However, a question for you to ponder, over your afternoon tea is: Does automation drive us further away from what we want to achieve, rather than closer? We can all list a million reasons why simulated and standardized patients are an advantage over patient substitutes in many settings. It is the age old argument: you cannot replace humans with machines. However, there will always be challenges concerning costs and the most effective methods for each program or skills practise. For instance, Skype can be used for some skills training, but distance can be a problem with certain types of scenarios, where smell, texture, emotion and a physical presence become important. It is difficult to be a caregiver online to someone in need of emotional attention. Dr. Ellaway spoke about alternatives to SPs and their benefits. For human interaction the real, simulated or standardized patient is essential and for the abstracted or algorithmic interaction, substitutes such as video or computer simulations could be used.
Standardized Patients are agents of presence. How do we think about different kinds of presence in SP activities? What kind of presence is appropriate in a variety of settings? As Dr. Ellaway outlined the different types of presence, she discussed economies of presence, i.e., the cost/benefit ratio for each type of presence, both physical and digital. Context matters as our options regarding location and setting broaden: “The power of place will prevail. As traditional locational imperatives weaken, we will gravitate to settings that offer particular cultural, scenic, and climatic attractions together with those face-to-face interactions we care most about.” Place is incredibly important as demonstrated in the slide presentation.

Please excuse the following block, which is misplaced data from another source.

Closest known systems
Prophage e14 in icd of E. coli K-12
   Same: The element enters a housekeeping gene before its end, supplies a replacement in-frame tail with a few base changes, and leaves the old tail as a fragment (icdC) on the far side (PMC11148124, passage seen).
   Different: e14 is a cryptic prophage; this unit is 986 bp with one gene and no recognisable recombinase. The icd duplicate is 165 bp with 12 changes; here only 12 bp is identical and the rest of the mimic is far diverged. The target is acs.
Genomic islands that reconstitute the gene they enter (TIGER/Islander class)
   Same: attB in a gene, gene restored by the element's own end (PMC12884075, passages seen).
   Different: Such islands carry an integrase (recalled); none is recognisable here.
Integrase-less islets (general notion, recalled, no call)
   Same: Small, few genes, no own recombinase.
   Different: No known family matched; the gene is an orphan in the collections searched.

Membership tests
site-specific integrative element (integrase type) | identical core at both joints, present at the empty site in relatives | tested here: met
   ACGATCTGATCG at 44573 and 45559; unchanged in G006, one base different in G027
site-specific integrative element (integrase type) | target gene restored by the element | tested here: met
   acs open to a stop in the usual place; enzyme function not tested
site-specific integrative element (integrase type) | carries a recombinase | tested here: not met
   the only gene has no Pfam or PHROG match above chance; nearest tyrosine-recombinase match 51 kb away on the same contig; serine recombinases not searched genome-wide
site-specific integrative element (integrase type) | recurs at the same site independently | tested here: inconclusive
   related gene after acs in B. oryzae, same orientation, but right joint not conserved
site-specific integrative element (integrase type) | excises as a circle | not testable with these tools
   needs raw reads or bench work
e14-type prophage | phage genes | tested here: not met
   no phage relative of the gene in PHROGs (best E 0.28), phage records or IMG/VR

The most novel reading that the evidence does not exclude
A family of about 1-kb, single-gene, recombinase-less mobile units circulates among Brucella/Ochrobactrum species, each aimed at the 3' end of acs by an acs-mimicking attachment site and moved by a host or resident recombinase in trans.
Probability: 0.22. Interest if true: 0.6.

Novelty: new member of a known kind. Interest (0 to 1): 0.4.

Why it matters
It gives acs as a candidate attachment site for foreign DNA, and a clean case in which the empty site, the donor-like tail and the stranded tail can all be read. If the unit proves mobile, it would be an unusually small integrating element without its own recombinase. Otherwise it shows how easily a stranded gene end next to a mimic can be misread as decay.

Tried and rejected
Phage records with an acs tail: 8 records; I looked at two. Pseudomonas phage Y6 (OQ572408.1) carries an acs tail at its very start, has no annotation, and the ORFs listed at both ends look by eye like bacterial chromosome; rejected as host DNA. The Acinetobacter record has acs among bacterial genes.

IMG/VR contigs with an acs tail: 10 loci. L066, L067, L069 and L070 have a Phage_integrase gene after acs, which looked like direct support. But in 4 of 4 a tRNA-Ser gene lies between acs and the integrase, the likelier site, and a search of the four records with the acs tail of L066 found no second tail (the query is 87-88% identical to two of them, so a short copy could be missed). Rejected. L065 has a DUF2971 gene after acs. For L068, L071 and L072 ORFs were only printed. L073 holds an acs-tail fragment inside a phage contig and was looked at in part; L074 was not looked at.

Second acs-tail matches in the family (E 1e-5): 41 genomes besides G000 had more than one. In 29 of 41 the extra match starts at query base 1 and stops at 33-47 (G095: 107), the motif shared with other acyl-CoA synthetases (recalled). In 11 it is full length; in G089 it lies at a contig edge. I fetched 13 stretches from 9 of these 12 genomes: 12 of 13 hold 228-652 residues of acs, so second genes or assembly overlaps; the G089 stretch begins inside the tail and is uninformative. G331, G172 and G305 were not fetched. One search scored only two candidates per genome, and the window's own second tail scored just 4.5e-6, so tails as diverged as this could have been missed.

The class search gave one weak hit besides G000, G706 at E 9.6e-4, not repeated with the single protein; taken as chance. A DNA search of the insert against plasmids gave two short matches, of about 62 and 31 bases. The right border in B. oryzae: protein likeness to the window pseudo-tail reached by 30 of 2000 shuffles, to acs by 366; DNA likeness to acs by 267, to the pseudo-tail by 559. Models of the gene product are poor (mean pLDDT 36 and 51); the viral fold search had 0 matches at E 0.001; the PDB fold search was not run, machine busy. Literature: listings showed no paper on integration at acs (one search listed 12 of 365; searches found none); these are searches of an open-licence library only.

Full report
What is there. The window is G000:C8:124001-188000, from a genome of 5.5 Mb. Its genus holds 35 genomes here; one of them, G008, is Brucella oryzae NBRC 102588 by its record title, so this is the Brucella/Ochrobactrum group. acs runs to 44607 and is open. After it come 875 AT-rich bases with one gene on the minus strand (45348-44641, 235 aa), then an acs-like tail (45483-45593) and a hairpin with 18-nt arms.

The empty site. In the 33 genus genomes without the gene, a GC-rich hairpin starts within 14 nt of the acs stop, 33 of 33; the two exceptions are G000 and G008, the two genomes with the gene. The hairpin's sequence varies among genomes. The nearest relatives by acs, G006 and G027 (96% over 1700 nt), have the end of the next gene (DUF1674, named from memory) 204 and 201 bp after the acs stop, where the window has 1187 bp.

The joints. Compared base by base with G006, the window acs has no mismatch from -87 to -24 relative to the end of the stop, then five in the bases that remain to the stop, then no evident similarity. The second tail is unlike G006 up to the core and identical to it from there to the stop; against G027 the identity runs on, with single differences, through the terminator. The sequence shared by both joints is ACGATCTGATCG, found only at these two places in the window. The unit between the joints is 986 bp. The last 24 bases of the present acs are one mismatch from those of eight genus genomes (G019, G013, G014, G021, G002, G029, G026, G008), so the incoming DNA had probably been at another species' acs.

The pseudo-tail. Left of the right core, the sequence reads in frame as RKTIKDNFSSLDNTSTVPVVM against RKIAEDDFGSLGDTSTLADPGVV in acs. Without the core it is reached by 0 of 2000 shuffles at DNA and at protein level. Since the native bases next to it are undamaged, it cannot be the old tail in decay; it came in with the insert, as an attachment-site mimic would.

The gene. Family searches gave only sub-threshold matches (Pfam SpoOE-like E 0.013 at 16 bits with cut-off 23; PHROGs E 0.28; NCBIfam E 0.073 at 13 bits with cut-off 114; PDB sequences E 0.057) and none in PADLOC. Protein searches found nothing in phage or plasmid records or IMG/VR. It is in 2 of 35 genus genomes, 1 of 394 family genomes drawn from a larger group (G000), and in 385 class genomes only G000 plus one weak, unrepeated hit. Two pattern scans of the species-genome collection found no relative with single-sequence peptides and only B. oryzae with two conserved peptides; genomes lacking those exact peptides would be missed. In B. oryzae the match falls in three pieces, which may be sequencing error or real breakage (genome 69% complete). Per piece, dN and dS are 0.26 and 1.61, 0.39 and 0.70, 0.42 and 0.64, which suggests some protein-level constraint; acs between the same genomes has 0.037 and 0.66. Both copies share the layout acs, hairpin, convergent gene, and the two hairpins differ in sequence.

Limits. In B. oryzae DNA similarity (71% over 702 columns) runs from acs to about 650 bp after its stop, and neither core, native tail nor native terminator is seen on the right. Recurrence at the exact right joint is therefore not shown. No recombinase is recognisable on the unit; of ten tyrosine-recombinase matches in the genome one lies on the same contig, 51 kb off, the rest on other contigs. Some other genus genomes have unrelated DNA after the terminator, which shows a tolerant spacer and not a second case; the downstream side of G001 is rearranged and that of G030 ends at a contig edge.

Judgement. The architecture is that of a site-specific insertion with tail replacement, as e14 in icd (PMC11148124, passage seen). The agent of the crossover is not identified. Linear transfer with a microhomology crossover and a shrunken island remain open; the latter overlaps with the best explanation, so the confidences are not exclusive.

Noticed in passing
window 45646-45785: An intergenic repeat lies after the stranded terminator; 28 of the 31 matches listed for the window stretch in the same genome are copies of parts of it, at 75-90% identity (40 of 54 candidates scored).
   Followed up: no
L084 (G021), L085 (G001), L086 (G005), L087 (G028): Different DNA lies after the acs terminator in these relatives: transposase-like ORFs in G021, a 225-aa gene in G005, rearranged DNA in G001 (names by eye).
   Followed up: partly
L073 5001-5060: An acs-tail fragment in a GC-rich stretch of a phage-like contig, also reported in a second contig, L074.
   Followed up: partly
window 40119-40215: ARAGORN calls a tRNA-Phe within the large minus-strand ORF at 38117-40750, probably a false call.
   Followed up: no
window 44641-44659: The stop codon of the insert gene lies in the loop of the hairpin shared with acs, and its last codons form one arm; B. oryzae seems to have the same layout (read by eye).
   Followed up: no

Dr. Ellaway also talked about ‘Ethics of Inconvenience’, suggesting that we need to have those inconveniences and difficulties in life, such as pauses and silences. Rather than trying to seek convenience, we should seek out and treasure what the possible inconvenience of embodied interactions can teach us because they are so much more nuanced than abstracted digital forms. This is one of the strengths that SPs can bring very naturally into any setting.
The subject of patient presence is huge and has so many different avenues to explore. The simulated and standardized patient is at the very heart of medical education, and, Dr. Ellaway pointed out, all activities in health professional education is simulation of some sort. Every part of health professional education includes some form of abstracted patients or practitioners. This led to a discussion on dimensions of simulation, the designing of SP activities, and most notably that presence in SP activities is about perception. Finally Dr. Ellaway tied the concept of presence to our business as SP educators as being all about what learning is retained, what is transformed, and what value is added to the education process with the different forms of presence. As SPeds, we are all becoming quite sophisticated negotiating the use of SPs and the economies of presence.
Dr. Ellaway’s plenary generated a lot of enthusiasm and colorful discussion both after the presentation and throughout the duration of the conference. I found it fun to listen to folks chatting about presence and associating different moments with Dr. Ellaway’s topic. I must say that in that one hour, I felt like I had done a whole day’s work! I was thinking that I would like to sit outside in the sun for a while, but wondered if anyone would miss my presence.
 Mitchell, WJ. E-topia. Cambridge, MA: MIT Press, 2000